Once existing core technologies are understood and needs are defined, the search can begin for companies that provide targeted products for those needs. As that search is refined, the actual mechanics of the partnership need to be addressed. Do adequate interfaces exist that will allow a potential partner to incorporate its product, or do the interfaces need to be developed? If development is necessary, what features will the new interfaces require?
The elements of interfacing and collaboration also bring to bear the sensitive issue of access to intellectual property (IP). How much of a company’s IP does a partner need to effectively design, implement and incorporate its product? And by implication, where is the line drawn between providing sufficient IP to integrate and protecting valuable business and trade secrets?
In many cases, so much attention is devoted to development that marketing the system is a secondary concern, and that can become a problem if not addressed early in the partnership selection process. What will be the go-to-market strategy? What benefits and attributes will be emphasized? What costs will be shared? Are there cross-promotion opportunities between the partners that make marketing for both firms more cost-efficient? As in most partnership situations, getting these issues addressed early will avoid problems later.
Though that list of considerations may seem significant, keep in mind the lawyers haven’t gotten involved yet. Legal structures and entities, contractual terms, along with research and development agreements are just some of the issues that must be addressed to protect the parties.
Similarly, software companies must strategically think about how they approach the partnership dance. To maximize business potential, they must think about which big players in the automation industry are the best fit, and how do they convince them to open interfaces and equipment for complete integration? What core competencies do they offer that the systems providers need and cannot provide for themselves?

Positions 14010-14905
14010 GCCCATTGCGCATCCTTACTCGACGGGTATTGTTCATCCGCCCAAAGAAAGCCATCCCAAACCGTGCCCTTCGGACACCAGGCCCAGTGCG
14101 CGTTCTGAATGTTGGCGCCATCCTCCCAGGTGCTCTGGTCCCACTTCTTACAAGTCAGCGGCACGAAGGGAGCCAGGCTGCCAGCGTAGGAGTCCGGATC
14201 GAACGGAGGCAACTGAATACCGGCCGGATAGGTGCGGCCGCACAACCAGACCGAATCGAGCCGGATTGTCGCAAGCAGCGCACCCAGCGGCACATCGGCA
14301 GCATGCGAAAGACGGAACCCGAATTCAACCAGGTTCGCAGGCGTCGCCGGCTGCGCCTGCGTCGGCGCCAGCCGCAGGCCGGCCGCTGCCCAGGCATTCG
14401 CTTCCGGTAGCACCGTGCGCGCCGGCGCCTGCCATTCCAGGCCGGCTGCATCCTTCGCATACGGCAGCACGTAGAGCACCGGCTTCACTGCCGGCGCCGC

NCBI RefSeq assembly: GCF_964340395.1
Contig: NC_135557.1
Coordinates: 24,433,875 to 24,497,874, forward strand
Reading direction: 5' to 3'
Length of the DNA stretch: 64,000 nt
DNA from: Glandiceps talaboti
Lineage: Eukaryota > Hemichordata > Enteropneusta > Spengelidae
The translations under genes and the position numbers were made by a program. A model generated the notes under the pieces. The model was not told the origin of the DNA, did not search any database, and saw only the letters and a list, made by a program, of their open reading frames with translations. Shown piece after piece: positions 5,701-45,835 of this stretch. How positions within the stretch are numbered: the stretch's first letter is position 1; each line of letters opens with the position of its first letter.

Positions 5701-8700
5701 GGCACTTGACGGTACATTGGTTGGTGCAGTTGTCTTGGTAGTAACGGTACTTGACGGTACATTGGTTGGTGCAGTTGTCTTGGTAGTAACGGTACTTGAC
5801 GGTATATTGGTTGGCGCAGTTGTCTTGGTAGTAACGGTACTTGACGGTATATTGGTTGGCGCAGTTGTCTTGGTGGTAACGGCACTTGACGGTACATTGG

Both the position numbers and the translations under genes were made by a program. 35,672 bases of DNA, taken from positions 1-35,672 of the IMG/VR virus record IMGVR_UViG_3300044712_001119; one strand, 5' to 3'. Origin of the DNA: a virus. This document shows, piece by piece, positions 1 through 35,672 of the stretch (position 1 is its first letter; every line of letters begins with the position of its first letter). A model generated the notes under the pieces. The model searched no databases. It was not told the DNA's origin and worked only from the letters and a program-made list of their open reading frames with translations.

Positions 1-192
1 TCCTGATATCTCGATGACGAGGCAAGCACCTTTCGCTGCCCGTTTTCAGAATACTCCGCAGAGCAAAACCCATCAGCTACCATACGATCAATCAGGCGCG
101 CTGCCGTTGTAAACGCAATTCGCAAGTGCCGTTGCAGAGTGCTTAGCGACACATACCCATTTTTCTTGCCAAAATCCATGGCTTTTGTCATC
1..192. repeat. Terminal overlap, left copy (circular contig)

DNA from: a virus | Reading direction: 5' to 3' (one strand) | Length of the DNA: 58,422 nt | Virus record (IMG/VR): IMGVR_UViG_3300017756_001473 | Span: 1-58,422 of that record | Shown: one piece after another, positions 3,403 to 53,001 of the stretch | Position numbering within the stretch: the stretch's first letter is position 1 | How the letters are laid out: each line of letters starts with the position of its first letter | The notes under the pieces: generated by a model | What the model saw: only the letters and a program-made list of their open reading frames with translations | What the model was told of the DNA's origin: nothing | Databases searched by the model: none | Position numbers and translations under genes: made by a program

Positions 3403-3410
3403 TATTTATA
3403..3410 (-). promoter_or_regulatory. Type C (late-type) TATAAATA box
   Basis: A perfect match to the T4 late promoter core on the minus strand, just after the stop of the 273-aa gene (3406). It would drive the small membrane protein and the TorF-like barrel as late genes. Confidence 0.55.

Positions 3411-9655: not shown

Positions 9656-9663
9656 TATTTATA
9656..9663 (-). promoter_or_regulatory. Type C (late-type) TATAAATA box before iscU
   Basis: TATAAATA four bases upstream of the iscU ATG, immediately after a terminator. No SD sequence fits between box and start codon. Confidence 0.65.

The automation ecosystem is, indeed, changing. Advances in automation technology, software and AI-driven systems make it impractical for one enterprise to be competent in all emerging venues. Those that partner with compatible companies and technologies while leveraging their individual core competencies for holistic systems will thrive.
About the Author

Robert Brodecki

Robert Brodecki is business development manager for food & beverage/consumer goods at KUKA Robotics. Contact him at [email protected].

Sponsored Recommendations

Case Study: Conveyor Solution for Unique Application

Find out how the Motion Automation Intelligence Conveyor Engineering team provided a new and reliable conveyance solution that helped a manufacturer turn downtime into uptime....

2024 State of Technology Report: PLCs & PACs

Programmable logic controllers (PLCs) have been a popular method of machine control since the PLC was invented in the late 1960s as a replacement for relay logic. The similarly...

Power Distribution Resource Guide

When it comes to selecting the right power supply, there are many key factors and best practices to consider.

Safe Speed and Positioning with Autonomous Mobile Robots

Here are some tips for ensuring safe speed and positioning for AMRs using integrated safety technology – many of these tips also apply to automated guided vehicles (AGVs).